A continuous variable is the one for which any value, even infinitive small segmented value, is possible within a given limitation. In other words, there are infinitely many possible values for a continuous variable within a given limitation. Geometrically, the point of a continuous variable can vary along the number line passing through all rational points and irrational points continuously without any jumping.  For example, the value of a continuous variable with limits 1≤x≤2 can be any number between 1 and 2. The value of a rational number can be determined by the fraction of the corresponding numerator and denominator. The irrational number √2 can be one of the possible value. Although the value of an irrational point cannot be determined by a fraction directly, the value of an irrational point still can be estimated by the position of the irrational point on the number line relative to the nearby rational numbers. Since both rational points and irrational points lie on the same line, two rational point a1 and b1 on the number line can be selected to bound the interested irrational point I. Although the irrational point is confirmed to be located within the line segment a1b1, the actual position is not known because there are many other rational points and irrational points on the line segment. In order to increase the accuracy, the length of the line segment can be reduced by selecting another two rational points a2 and b2  inside the line segment a1b1 to bound the irrational point I. Since the irrational point I is located within line segment a2b2 and line segment a2b2 is shorter and is included line segment a1b1, the estimation of the position of irrational point I on the line segment would be more accurate because those irrational points lies on line segment a1b1 and outside line segment a2b2 will be elimated. Repeating this elimination process by selecting another set of rational points ai and bi to reduce the length of the line segment aibi, the position of the irrational point I would become much more accurate. By repeating the elimination process infinitely, the line segment anbn can be reduced to approaching zero, and the position of the irrational point I on this infinitely small point can then be defined by the estimation process using two group of rational point on the number line, i.e. lower limit  a1, a2, ..., ai, ..., an and upper limit b1, b2, ..., bi, ..., bn.  Therefore the value of the irrational number associated with the irrational point 2 can also be estimated similarly.

Since the square of 1 is smaller than 2 and the square of 2 is greater than 2, imply the value of irrational number √2 must be between 1 and 2. Select another set of rational numbet to reduce the length of the number line segment.  The square of 1.4 is smaller than 2 and the square of 1.5 is greater than 2, imply the value of irrational number √2 must be between 1.4 and 1.5. Similarly, the value of irrational number √2 must be between 1.41 and 1.42, and between 1.414 and 1.415, and between 1.4142 and 1.4143, and ....etc. Therefore the value of irrational number √2 can be estimated by two groups of rational numbers, i.e. lower limit 1,1.4,1.41,1.414,1.4142,... and upper limit 2,1.5,1.42,1.415,1.4143,... Since the difference of the two selected groups of rational numbers is the last digit of the upper limit is always greater than the lower limit by one in order to bound the irrational number, the upper limit can be ignored as the upper limit is pre-defined. The value of irrational number √2 can be estimated by the group of the low limit rational numbers. The group of the low limit rational numbers can be expressed as a generalized representation, i.e. 1.4142...  and the value of irrational number √2 can also be expressed as an unique infinite decimal expansion and written as 1.4142....  However not all numbers with unique infinite decimal expansions are irrational number because all rational numbers have either finite decimal expansions, e.g. 1/2=0.5 or infinite repeating decimal expansions, e.g. 1/3=0.3333...=0.3. Only those numbers with infinite decimal expansions with endless non-periodic decimal dights to the right of the decimal point.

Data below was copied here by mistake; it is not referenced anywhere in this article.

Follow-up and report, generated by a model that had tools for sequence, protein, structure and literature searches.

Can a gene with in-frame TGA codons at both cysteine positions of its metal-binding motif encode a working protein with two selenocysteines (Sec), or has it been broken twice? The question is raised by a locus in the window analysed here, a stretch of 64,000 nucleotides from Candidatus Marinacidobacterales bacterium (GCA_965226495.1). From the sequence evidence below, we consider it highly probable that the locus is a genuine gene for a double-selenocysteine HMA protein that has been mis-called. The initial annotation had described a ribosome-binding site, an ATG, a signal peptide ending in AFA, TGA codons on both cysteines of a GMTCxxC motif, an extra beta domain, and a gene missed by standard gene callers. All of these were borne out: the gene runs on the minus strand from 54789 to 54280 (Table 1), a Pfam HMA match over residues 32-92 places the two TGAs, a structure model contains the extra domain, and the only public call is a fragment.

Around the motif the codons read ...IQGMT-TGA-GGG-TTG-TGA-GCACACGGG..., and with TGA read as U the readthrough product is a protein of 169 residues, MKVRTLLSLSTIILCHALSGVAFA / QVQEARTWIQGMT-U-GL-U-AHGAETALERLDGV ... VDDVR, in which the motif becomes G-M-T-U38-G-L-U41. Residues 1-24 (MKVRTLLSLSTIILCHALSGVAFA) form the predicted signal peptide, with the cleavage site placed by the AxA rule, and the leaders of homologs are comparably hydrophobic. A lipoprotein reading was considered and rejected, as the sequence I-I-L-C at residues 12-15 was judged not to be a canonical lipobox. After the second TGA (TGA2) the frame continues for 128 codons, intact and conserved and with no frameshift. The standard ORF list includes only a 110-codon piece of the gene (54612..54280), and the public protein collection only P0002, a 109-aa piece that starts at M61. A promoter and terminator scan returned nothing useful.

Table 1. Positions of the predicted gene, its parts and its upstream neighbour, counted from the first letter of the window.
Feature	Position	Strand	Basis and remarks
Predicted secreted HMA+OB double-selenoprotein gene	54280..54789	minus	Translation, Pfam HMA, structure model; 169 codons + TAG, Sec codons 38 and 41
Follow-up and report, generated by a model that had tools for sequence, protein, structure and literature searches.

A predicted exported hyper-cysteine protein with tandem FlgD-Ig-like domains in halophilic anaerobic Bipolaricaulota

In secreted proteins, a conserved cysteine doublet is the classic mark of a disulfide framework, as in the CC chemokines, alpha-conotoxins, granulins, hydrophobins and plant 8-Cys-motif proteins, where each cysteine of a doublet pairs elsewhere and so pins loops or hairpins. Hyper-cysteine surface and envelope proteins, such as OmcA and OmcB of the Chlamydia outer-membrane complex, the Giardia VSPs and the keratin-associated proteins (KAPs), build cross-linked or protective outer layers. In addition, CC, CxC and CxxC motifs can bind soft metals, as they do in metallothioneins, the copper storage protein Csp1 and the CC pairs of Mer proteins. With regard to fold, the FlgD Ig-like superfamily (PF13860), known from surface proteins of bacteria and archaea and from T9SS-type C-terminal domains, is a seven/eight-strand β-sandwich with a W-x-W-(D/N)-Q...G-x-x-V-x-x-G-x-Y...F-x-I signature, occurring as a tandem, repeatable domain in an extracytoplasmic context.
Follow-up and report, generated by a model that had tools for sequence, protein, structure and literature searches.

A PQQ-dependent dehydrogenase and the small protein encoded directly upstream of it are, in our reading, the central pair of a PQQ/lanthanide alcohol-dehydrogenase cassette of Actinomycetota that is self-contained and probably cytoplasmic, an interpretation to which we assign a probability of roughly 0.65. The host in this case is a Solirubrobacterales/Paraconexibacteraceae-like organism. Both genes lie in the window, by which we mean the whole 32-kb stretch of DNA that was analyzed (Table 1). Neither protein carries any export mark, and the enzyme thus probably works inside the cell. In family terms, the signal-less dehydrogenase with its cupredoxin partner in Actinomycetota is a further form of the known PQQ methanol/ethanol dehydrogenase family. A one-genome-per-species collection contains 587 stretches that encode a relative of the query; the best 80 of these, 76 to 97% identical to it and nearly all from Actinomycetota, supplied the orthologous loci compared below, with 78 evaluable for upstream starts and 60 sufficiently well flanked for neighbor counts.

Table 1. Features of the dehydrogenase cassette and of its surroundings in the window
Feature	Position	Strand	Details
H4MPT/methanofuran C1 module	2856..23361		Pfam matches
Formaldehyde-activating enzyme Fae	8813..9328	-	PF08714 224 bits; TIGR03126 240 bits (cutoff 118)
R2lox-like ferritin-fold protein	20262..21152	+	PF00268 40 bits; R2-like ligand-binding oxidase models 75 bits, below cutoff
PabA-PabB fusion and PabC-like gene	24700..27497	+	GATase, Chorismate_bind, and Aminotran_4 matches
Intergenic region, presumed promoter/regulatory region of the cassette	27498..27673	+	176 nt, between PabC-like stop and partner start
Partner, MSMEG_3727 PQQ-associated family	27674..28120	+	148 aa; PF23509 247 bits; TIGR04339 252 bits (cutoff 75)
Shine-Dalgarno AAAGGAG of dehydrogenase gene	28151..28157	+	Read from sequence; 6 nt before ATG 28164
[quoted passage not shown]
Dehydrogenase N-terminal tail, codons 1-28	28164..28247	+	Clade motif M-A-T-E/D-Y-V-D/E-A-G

## Graphical Represent of a Function

The graph of a function is a visual representation of the function by plotting all ordered pairs (x, f(x)) within the domain of the independent variable x on a coordinate system.  One of the most common coordinate system used in a function graph plotting is the cartesian coordinate system. The Cartesian coordinate system is also called rectangular system. For a two dimension coordinate system, there are the two axes, named x-axis and y-axis.  The two axes, which should be linear and mutually perpendicular, are the axes of two rectangular coordinates accordingly. Each point, e.g. Point P on the coordinate system should have a horizontal coordinate x and a vertical coordinate y. Since each point can be represented by a pair of number, usually denoted by order pair (x,y), each order pair (x,y) can also locate a corresponding point on the coordinate system plane. Therefore each order pair of the function y=f(x) can be represented by a point on the xy- coordinate plane with the abscissa, or horizontal coordinate, x-axis, of the point is the value of the independent variable x and the ordinate, or vertical coordinate, y-axis, of the point is the functional value, value of the dependent variable y. For example;

The graph is a plot of y vs x for the function y=f(x) . The curve is created by joining the points of ordered pairs of the function y=f(x). The curve is a continuous curve because the function y is  a continuous function on the whole domain.

ID: 130100001 Last Updated: 1/13/2013 Revision: 0 Ref:

References

1. S. James, 1999, Calculus
2. B. Joseph, 1978, University Mathematics: A Textbook for Students of Science &amp; Engineering